On the flip-side, there are those who know someone who is in an abusive relationship but they feel completely helpless because there’s little they can say or do to help their friend or family member to get out of that relationship, especially if the victim is not ready to leave.  In many ways, it’s like dealing with a loved-one who is a drug addict.  No amount of love or strength or intelligence can force an addict to quit drugs if they’re not ready to give it up.  The same goes for our loved-ones who are victims of abuse.

Victims stay in abusive relationships because they don’t see any reasonable path out of their situation.  It is that sense of futility that often leads victims of abuse to consider suicide as a “reasonable means of escape”.  And the bigger sin of our society is that if a person tells anyone that they’re considering suicide because they’ve been in an abusive relationship for years, the common knee-jerk reaction is to view the VICTIM as sick and needing mental counselling, but the abuser and the abusive relationship are rarely even considered as things that need to be addressed.

I’ve had many reasons – for many years – to discuss mental and emotional abuse with others, to try to educate them and to incrementally try to change the views of those around me regarding the many misconceptions of abuse.  But it’s still something that needs to be addressed on a larger platform, in broader venues, and across all cultural and gender boundaries.  Laws need to be changed, effective support systems must be put into place, and visible paths of escape MUST be created that are so bright and so obvious that victims of abuse not only see them, but they feel inspired and welcome to utilize them.

Do YOU understand what “domestic abuse” really means, beyond physical abuse?  Do you feel you SHOULD know what it truly means?  Do you know what the signs are of someone in an abusive relationship?   Are you ready and willing to help?





… or get off the pot!

I’ve written (said) this many times before:  I’m not a complicated guy.  And a clear signal of just how transparent I am came in the form of a recent text from my son.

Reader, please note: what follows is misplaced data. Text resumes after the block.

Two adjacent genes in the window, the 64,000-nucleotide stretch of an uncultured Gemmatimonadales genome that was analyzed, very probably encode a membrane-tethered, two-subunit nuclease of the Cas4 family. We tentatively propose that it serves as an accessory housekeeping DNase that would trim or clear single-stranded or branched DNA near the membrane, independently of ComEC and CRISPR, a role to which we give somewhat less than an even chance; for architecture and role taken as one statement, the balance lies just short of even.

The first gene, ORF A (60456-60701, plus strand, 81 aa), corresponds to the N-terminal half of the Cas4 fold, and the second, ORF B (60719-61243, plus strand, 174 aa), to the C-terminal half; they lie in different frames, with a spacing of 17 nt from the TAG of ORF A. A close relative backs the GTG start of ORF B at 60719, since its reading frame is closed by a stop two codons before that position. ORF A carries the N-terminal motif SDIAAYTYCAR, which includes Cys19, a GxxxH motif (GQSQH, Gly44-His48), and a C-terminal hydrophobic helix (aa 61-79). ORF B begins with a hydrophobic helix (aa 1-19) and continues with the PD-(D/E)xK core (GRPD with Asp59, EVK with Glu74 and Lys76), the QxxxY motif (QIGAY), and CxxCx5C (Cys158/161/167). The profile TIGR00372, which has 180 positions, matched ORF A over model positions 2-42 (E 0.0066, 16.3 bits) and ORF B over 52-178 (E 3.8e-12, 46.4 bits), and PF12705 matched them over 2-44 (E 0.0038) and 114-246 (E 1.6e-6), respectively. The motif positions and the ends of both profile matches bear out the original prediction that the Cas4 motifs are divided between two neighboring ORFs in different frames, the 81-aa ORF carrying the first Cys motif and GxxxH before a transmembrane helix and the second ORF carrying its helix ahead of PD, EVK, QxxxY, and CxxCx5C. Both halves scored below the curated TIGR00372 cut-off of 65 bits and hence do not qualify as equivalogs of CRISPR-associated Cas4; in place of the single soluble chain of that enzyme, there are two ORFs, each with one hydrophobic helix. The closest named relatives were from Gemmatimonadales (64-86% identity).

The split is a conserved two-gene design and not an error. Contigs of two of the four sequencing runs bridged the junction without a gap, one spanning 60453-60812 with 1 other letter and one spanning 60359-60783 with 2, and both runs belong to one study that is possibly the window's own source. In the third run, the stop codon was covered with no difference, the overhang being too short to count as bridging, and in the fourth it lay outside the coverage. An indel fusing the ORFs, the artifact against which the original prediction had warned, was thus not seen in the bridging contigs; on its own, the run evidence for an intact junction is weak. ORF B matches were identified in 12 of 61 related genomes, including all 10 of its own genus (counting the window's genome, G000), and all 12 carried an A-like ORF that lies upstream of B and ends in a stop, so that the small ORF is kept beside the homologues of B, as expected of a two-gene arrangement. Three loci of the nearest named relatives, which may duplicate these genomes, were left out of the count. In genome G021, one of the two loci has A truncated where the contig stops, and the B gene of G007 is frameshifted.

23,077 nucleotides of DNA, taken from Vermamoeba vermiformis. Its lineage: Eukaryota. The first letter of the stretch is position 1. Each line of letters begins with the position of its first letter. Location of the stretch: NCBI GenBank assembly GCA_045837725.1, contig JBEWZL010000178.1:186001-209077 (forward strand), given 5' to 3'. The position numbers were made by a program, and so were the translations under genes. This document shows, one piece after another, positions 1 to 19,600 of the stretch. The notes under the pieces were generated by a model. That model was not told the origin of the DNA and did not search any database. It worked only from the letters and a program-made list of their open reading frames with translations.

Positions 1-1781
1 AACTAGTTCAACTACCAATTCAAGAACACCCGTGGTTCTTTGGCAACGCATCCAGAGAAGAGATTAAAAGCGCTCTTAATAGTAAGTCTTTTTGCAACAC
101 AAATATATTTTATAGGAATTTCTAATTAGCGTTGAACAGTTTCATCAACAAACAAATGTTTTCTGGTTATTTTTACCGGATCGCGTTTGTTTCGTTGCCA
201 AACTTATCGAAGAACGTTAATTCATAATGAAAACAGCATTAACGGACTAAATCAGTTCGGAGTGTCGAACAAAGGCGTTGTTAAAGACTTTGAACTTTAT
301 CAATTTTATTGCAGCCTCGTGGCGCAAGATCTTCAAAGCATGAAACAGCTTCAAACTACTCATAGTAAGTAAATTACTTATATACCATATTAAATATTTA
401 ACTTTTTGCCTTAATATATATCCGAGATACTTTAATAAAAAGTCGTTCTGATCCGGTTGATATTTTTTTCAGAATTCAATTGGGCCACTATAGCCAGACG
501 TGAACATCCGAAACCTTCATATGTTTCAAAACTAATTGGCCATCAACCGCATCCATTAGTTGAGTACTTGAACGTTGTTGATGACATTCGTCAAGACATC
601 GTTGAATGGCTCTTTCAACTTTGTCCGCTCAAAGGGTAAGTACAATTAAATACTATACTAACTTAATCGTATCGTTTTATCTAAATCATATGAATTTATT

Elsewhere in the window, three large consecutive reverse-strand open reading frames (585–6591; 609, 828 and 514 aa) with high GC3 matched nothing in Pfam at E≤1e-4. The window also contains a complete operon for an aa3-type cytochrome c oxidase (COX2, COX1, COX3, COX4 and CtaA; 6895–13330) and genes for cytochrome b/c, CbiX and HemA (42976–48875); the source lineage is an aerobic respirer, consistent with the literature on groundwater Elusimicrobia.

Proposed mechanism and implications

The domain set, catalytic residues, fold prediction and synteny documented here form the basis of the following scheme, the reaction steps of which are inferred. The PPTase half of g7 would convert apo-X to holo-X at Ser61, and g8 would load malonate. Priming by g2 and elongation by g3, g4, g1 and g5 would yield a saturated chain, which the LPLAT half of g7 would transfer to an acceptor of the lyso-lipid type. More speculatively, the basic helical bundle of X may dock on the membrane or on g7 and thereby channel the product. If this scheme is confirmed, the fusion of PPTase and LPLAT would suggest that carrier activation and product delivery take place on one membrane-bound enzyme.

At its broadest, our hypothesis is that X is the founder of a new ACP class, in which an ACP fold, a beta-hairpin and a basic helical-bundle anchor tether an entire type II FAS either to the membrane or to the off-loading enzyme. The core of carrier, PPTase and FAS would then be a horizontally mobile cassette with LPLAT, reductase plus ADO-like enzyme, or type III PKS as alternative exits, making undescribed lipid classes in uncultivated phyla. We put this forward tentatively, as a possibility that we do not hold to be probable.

He’s in the painful “Start-up” period of his new business: making unique, very specialized keyboards.  I’m only now learning how broad and intense that interest is and how overjoyed some are to throw serious money at it.  My son showed me pictures of a new keyboard he’s making just for me.  It’s got a beautiful bottom plate with the image of a lion on it, embossed in gold.  The size and format of the key-placements is supposed to be ultra-comfortable.  The keys, he says, will have a satisfying “click!” to them as I type.  And even more special, the keyset will be orange, my favorite color.

But what really made me pause was when he told me that he hoped the keyboard would serve as incentive to write more.

I love writing.  Both my kids know that I love writing.  But even being mister “Not Complicated Guy”, I’ve never really – truly – felt that anyone in the world completely understood how much I love writing.  I mean, I’m a writer that rarely writes.  That alone doesn’t do much to profess any serious love for writing.  But recent conversations with my daughter, and then that keyboard surprise from my son – both urging me to find my writing-Self again – inspire me to push that boulder back up the hill.

The reasons have become excuses, and that needs to end now.

The “Dad” in me has always felt it important to teach by example.  So, as the title says…